Our lives might be more meaningful if fun embraced facing the world as it really is, full of the mundane and the difficult. Douglas Heaven reviews Ian Bogost’s book ‘Play Anything’ in the ‘New Scientist’ on September 21, 2016.
A couple of weeks ago, I took my not-quite-3-year-old to the local swimming pool. We splashed about a bit, both of us slightly bored. I followed her as she clambered in and out of the pool in one of those loops toddlers get stuck in. Then I accidentally did something fun. Helping her hop into the water, I hoisted her into the air slightly more than usual. She landed in the shallow water with a little skid and ended up on her bottom. “Again, again!” she cried with delight. And then: “What’s this game called?”
Familiar things – my hands, the pool, her feet – used in unfamiliar ways. It’s the secret of play. Somewhere between the ages of 4 and 40 we forget how to have fun in quite this way.
Ian Bogost realised this with his own young daughter in a shopping mall. In Play Anything, he recalls rushing her through a crowd, dragging her by the hand. She should have been miserable, but she used his pull across the tiled floor as a new constraint that made her don’t-step-on-the-cracks game more fun than usual.
As adults, our lives are just as filled with constraints. But we’re worse at dealing with them. Bogost, who is a writer, video game designer and professor of interactive computing at the Georgia Institute of Technology in Atlanta, wants us to find the fun in everyday things. Doing so will let us lead happier, more meaningful lives – and find pleasure in work, trips to the supermarket, mowing the lawn and long-haul flights (“the closest an ordinary person can come to state-sponsored torture”). The problem is our flawed grasp of what fun is. “We’ve misunderstood fun to mean enjoyment without effort,” he writes.
Part personal meditation, part guide to living a happier life, Play Anything is a Walden for the 2010s. But instead of Henry Thoreau’s 19th-century Massachusetts woodlands, Bogost invites us to celebrate strip malls, household chores and ready meals. Finding fun in these things involves work, he says – but it’s work in the same way that carpentry or exercise is.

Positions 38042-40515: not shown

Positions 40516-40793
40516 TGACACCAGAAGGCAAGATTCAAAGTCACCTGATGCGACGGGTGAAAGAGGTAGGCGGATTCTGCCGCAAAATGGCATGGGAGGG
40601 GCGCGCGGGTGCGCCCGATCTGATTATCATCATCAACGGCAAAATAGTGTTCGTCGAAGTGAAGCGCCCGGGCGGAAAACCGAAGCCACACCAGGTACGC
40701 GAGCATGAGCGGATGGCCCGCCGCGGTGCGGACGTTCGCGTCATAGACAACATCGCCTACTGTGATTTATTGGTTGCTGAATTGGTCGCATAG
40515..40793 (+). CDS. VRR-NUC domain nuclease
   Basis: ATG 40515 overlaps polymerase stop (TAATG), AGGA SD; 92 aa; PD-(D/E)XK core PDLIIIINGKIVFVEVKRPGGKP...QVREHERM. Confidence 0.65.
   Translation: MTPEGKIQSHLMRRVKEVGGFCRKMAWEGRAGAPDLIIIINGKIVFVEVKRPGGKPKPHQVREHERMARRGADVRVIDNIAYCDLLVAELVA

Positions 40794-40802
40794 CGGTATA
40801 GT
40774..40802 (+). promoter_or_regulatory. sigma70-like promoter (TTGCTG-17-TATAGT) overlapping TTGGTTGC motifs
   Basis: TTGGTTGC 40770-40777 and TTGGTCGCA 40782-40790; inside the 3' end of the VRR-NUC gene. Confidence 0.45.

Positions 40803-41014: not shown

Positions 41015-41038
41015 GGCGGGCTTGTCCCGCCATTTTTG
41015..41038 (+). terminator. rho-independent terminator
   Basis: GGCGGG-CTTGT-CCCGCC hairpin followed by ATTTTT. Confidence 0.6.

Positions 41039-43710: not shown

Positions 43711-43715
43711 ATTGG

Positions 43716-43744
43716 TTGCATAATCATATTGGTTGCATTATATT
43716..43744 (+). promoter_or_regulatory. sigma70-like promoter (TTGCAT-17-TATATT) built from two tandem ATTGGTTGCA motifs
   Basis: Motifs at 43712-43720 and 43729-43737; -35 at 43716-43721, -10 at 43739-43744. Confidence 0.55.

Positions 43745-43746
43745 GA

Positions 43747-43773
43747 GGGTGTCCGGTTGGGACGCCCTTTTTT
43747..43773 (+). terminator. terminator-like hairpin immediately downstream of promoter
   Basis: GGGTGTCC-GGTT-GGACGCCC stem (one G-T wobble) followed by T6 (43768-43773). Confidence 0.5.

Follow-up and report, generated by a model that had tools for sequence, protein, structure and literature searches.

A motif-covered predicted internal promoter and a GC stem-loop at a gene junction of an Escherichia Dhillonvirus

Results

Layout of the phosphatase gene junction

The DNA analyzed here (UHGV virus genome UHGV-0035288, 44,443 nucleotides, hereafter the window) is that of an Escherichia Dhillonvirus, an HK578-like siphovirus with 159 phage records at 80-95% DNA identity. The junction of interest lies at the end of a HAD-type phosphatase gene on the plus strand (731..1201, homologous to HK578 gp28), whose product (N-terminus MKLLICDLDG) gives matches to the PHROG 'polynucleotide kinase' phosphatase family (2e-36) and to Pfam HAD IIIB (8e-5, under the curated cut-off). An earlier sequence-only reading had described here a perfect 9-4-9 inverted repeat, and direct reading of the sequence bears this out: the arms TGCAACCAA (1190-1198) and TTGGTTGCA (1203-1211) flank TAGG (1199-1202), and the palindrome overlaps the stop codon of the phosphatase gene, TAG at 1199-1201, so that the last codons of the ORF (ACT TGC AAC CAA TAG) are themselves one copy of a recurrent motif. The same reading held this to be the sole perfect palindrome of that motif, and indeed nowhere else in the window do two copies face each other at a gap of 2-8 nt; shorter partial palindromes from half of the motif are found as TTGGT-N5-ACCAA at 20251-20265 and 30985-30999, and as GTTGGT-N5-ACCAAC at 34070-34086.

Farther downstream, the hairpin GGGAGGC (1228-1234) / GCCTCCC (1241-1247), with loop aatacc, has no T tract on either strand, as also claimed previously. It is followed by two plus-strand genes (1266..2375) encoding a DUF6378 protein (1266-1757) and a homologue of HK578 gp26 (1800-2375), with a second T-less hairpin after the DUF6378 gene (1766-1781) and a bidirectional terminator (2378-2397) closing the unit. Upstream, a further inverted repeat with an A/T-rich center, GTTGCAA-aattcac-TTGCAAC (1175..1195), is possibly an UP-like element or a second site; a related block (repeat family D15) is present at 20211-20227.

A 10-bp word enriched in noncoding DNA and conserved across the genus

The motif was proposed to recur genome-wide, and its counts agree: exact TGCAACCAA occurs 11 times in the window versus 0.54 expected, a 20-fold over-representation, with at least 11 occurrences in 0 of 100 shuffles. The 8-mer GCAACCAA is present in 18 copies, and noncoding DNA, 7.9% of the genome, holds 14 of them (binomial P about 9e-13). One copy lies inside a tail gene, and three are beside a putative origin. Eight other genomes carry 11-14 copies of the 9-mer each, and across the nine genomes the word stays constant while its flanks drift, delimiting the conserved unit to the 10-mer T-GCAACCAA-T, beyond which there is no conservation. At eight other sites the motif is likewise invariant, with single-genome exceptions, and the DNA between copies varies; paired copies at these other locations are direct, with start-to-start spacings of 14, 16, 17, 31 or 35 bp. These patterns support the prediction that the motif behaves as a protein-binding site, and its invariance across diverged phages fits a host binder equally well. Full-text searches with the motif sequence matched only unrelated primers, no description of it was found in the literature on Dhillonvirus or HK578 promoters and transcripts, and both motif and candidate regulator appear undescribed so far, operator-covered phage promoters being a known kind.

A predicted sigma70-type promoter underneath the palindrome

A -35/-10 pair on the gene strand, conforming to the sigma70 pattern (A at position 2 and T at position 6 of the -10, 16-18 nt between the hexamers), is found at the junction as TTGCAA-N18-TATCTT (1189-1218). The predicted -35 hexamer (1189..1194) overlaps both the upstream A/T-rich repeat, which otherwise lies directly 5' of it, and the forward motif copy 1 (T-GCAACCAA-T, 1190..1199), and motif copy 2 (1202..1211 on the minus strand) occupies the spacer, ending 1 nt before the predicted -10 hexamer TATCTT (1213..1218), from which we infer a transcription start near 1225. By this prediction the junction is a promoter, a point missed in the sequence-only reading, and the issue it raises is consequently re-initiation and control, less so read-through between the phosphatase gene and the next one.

Along the way, he picks a fight with Mary Poppins, arguing that “that renowned philosopher of fun” had it all wrong. A spoonful of sugar may help the medicine go down, but as a maxim for dealing with the drudgery of everyday life her song was a sham. It is a mistake to dress things up as something they are not.
This way lies gamification. These days there’s an industry of consultants and app developers trying to make boring, miserable surveys, dead-end jobs or exercise fun through contrived rewards and meaningless metrics. Bogost is quick to take gamification apart. “Fun is not a feeling,” he writes. “And it’s certainly not the feeling of enjoying ourselves by doing exactly what we want, by making something easy or by rewarding ourselves with points, as if life is some… version of Space Invaders that turns chores into chortles.” Rather than push difficult things away by sugar-coating them, we must see them for what they are.
For Bogost, there’s fun to be had in things that are not obviously fun, but have to be done. “This is the pleasure of limits, the fun of play,” he writes. “Not doing what we want, but doing what we can with what is given.”
Such a change of outlook will be hard for some and Bogost knows it – especially when our default mode is often irony. We celebrate everything from Instagrams of Egg McMuffins to T-shirts of Macaulay Culkin, but commit to none of it. But who said finding the meaning of life was easy? “Terror is at work in real fun,” he explains. “The terror of facing the world as it really is.”
Illustration by Osho News